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America has forgotten about covid but covid hasn’t forgotten about us….

Our way of living has changed forever. Why? The ignorant ass president and his ignorant ass followers. It is real and it’s just not going to disappear! Covid cases are on the rise again as we approach flu season, which equals a deadly disaster. How reckless people are just shows us how selfish and spoiled the American people are. Everyone is tired of this pandemic but people aren’t willing to do what needs to be done in order for us to get back to normal.

The New York Times reports this past week alone over 60,000 new cases and that is a 32% increase from the average just over 2 weeks ago. New covid cases on on the rise by 70%, since hitting a record low in September. Covid related deaths have now exceeded 223,000. Covid is now the third leading cause of death, just behind heart disease and cancer! Experts estimate that deaths could exceed 390,000 by February 2021. There are no states reporting declining cases.

What states are reporting the highest cases?

Rhode Island has the largest increase in new confirmed covid cases. It recorded 1,397 new positive tests this past week, and that’s a 67% increase from the week before.

Washington is next with a 63 % increase which was 5,166 new positive test. Connecticut had a 60% increase, Illinois, Ohio, and Indiana all had a 30% increase in positive cases. North Dakota, Minnesota, and Nebraska had an increase of 20%. Texas leads the way in numbers, with new covid cases.

Texas reported 35,734 new cases, and that is an 18% increase. California was third with 20,596 new cases, a decrease of 9%. Florida was 4th with 20,529 new cases, a 14% increase. Recent Trump rallies are playing a big part in the rise of positive covid cases. Covid hospitalizations are on the rise and have reached record highs. Smaller more intimate gatherings among family, friends and neighbors are playing a big role in transmission.

Just Mask Up!


Face masks and other preventive measures, such as frequent hand-washing and social distancing, help slow the spread of the virus.

So why weren’t face masks recommended at the start of the pandemic? At that time, experts didn’t know the extent to which people with COVID-19 could spread the virus before symptoms appeared. Nor was it known that some people have COVID-19 but don’t have any symptoms. Both groups can unknowingly spread the virus to others.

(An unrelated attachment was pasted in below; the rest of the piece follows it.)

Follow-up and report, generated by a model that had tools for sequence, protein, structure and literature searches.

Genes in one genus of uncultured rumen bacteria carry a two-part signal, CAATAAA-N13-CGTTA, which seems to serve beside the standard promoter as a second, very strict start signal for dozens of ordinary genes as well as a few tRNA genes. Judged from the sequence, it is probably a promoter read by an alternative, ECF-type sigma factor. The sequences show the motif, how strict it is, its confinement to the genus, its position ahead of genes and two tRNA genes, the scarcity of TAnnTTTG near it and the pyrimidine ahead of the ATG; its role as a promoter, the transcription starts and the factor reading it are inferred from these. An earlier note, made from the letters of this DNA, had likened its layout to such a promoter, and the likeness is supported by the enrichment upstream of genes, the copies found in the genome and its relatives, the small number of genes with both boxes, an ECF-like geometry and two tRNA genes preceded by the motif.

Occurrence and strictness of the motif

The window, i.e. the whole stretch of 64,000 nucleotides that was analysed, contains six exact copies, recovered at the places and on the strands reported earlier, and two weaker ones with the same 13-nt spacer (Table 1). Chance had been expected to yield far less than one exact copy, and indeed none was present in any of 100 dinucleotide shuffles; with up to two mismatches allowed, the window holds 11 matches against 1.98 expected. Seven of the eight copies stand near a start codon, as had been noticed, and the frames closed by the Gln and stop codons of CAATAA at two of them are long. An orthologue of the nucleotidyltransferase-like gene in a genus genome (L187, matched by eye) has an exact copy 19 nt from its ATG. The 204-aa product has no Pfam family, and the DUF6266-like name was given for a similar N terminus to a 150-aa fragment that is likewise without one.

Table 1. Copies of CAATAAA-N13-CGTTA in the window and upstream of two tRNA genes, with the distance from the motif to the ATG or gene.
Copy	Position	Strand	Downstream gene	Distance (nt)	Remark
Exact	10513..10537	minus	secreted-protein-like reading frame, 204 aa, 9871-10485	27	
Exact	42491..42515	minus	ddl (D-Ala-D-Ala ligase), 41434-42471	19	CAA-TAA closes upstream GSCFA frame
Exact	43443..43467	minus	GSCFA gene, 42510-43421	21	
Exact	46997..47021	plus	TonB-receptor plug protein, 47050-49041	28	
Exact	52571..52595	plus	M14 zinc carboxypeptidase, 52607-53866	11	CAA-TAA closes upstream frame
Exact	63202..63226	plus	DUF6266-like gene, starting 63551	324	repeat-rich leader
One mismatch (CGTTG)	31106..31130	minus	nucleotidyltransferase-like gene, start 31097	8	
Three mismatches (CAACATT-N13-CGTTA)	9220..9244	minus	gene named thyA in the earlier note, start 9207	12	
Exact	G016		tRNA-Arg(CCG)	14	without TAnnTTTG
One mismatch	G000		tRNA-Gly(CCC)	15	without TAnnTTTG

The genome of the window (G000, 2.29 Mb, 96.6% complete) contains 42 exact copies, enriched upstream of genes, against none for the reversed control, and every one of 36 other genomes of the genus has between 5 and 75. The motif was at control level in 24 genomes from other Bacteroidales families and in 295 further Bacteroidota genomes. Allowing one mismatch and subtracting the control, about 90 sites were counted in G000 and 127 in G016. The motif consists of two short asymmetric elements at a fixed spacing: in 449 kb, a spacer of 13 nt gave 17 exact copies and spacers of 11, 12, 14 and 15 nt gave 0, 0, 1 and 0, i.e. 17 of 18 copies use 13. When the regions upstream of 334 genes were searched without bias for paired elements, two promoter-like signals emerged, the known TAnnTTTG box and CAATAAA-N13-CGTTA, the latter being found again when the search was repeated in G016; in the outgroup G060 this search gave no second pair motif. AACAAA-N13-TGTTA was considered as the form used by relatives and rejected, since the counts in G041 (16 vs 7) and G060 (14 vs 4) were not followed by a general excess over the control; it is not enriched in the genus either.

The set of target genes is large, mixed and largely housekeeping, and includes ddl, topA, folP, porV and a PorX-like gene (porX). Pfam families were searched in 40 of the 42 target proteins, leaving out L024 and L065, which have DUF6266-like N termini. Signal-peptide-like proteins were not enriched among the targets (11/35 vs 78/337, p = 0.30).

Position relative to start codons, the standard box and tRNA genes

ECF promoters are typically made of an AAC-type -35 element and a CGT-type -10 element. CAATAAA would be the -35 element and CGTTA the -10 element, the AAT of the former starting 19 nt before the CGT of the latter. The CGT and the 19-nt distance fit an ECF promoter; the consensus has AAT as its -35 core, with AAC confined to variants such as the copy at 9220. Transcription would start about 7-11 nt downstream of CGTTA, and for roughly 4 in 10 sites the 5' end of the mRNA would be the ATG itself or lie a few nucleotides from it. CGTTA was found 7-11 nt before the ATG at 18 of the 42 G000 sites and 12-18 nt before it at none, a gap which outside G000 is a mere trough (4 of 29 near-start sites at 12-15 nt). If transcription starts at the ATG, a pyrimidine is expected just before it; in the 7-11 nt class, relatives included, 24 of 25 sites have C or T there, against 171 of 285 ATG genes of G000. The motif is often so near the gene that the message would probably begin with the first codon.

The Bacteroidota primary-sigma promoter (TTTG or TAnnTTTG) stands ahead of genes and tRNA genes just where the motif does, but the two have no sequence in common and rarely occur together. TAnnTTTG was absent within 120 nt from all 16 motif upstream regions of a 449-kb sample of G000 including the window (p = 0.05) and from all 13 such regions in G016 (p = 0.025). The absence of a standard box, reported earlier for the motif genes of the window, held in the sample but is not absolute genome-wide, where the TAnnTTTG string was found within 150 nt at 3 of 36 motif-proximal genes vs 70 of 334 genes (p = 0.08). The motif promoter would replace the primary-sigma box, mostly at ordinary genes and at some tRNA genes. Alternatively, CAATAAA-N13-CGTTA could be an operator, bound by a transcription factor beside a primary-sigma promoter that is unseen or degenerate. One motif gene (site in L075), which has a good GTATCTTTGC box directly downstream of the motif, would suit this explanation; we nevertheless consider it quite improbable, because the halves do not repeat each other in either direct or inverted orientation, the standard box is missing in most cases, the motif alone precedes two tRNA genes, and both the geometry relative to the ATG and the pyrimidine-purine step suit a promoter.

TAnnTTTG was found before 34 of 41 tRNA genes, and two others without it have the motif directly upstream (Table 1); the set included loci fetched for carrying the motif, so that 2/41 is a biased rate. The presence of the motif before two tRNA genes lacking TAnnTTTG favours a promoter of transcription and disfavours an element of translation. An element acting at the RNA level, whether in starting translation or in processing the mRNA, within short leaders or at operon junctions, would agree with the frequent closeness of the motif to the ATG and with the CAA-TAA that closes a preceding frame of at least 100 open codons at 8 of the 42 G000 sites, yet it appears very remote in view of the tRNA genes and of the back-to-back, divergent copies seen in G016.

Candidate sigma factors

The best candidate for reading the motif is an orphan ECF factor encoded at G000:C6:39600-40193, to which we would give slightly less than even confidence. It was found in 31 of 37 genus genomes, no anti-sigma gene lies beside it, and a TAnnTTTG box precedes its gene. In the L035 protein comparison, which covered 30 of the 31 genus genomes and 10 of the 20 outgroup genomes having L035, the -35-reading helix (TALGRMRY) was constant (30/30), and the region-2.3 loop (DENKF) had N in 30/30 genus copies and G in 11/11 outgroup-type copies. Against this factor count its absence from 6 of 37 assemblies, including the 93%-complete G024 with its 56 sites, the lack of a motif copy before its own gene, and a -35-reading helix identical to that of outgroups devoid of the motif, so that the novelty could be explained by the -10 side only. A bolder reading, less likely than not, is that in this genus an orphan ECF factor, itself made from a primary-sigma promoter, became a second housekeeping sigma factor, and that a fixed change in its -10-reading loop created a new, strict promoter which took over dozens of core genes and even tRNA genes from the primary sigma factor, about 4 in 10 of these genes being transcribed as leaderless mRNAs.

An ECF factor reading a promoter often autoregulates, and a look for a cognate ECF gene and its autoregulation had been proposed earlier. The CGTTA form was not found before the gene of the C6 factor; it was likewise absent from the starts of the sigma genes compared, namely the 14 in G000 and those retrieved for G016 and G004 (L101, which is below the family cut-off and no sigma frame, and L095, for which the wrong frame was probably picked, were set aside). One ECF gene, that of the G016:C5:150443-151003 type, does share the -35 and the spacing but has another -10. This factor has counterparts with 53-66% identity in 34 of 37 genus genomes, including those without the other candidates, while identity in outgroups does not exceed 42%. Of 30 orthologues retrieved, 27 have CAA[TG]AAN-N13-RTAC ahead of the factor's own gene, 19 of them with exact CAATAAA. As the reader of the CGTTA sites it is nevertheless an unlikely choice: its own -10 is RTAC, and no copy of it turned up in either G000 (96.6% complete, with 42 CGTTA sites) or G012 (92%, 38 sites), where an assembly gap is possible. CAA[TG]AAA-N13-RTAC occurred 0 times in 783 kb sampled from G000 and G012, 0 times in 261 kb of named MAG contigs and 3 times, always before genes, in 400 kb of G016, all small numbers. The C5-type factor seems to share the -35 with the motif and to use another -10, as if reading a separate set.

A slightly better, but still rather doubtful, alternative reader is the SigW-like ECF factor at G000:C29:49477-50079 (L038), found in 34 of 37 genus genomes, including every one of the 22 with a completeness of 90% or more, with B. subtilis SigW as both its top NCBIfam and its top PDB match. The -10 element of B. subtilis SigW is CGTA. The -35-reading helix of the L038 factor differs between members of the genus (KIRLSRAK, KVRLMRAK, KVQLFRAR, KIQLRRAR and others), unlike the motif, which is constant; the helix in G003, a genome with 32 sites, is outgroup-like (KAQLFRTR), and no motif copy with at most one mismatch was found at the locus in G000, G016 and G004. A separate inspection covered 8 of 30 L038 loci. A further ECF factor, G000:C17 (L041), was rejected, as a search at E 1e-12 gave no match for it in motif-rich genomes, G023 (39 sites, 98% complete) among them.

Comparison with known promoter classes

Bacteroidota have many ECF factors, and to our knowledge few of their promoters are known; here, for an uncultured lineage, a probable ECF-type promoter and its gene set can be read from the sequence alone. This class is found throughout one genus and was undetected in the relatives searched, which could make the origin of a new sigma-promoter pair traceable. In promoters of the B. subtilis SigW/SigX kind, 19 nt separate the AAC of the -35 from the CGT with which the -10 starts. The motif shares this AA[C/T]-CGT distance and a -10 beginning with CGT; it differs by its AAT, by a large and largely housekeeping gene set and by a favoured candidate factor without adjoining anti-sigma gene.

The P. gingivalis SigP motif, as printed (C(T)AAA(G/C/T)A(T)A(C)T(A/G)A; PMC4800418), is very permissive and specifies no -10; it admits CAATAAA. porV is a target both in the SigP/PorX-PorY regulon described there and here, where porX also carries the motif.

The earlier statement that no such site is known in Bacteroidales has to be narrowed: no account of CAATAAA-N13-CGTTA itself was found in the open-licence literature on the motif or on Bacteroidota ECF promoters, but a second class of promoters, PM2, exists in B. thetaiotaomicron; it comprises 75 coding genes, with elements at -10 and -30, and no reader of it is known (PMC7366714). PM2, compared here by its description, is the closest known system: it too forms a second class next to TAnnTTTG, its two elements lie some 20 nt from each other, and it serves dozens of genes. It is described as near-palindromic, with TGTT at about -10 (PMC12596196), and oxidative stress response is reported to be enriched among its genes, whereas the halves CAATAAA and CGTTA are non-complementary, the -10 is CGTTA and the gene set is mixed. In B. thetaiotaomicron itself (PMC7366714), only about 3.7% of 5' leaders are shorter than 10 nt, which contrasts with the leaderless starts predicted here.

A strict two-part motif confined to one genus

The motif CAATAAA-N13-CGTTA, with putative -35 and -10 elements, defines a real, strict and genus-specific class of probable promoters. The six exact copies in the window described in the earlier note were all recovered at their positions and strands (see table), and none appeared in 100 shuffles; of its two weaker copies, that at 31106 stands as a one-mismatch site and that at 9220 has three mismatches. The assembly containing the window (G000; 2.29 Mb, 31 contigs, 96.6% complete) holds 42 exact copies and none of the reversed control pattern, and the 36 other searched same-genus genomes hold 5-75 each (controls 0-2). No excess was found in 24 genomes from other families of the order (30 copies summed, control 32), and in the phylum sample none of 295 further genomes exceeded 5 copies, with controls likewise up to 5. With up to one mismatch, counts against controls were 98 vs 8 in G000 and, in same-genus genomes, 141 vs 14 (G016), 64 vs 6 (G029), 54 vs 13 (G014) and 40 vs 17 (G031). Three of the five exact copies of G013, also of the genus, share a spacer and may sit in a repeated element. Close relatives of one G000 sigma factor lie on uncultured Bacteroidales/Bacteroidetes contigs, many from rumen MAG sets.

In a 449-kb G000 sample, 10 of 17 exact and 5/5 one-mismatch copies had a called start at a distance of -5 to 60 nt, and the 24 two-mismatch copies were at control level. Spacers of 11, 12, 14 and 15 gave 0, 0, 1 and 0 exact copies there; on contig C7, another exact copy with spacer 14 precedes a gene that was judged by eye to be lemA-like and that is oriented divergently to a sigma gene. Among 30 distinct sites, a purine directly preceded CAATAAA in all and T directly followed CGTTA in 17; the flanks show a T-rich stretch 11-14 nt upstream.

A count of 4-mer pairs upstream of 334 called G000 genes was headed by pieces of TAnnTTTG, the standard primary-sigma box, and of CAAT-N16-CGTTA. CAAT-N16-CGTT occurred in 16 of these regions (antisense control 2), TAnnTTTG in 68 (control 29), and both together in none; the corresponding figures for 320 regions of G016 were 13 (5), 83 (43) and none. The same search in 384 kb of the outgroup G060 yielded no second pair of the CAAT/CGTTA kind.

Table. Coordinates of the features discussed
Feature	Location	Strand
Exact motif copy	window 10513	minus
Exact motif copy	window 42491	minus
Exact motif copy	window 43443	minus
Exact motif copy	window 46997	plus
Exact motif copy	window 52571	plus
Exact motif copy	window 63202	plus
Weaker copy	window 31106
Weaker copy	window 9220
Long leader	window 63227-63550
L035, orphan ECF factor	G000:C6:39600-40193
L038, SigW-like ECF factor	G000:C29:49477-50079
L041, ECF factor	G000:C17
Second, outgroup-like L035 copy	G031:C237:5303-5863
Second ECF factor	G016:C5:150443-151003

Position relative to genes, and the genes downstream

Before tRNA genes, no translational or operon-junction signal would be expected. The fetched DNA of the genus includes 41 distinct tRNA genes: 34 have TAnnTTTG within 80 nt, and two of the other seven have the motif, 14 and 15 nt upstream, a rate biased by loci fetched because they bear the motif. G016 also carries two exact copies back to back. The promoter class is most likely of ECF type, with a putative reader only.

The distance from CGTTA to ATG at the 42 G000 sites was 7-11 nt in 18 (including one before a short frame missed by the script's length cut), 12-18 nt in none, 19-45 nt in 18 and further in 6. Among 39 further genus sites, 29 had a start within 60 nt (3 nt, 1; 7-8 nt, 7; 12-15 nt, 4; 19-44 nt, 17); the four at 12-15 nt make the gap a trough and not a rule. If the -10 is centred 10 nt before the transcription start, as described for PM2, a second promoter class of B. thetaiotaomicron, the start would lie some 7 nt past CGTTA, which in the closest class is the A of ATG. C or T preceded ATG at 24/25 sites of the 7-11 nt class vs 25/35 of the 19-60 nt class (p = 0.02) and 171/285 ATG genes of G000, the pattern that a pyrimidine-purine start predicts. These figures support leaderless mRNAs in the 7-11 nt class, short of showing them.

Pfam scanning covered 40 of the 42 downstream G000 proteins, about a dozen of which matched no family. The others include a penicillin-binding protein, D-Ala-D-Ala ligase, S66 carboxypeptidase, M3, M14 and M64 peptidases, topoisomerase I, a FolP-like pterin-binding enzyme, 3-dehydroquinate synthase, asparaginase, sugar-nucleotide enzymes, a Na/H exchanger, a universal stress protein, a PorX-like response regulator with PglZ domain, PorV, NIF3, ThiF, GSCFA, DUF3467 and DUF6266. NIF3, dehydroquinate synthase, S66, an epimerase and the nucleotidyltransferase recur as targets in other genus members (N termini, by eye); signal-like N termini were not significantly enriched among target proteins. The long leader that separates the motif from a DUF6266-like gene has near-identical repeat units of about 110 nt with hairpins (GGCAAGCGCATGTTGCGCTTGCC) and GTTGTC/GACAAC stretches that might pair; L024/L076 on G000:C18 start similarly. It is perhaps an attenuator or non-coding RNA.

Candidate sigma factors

These discoveries led public health groups to do an about-face on face masks. The World Health Organization and the U.S. Centers for Disease Control and Prevention (CDC) now include face masks in their recommendations for slowing the spread of the virus. The CDC recommends cloth face masks for the public and not the surgical and N95 masks needed by health care providers.

The CDC recommends that you wear a cloth face mask when you’re around people who don’t live with you and in public settings when social distancing is difficult.

Here are a few pointers for putting on and taking off a cloth mask:

  • Wash or sanitize your hands before and after putting on and taking off your mask.
  • Place your mask over your mouth and nose.
  • Tie it behind your head or use ear loops and make sure it’s snug.
  • Don’t touch your mask while wearing it.
  • If you accidentally touch your mask, wash or sanitize your hands.
  • If your mask becomes wet or dirty, switch to a clean one. Put the used mask in a sealable bag until you can wash it.
  • Remove the mask by untying it or lifting off the ear loops without touching the front of the mask or your face.
  • Wash your hands immediately after removing your mask.
  • Regularly wash your mask with soap and water by hand or in the washing machine. It’s fine to launder it with other clothes.

And, here are a few face mask precautions:

  • Don’t put masks on anyone who has trouble breathing, or is unconscious or otherwise unable to remove the mask without help.
  • Don’t put masks on children under 2 years of age.
  • Don’t use face masks as a substitute for social distancing.

Tips for adjusting to a face mask

It can be challenging to get used to wearing a face mask. Here are some tips for making the transition:

  • Start slow. Wear your mask at home for a short time, such as while watching television. Then wear it during a short walk. Slowly increase the time until you feel more comfortable.
  • Find your fit. If your mask isn’t comfortable or is too difficult to breathe through, consider other options. Masks come in a variety of styles and sizes.

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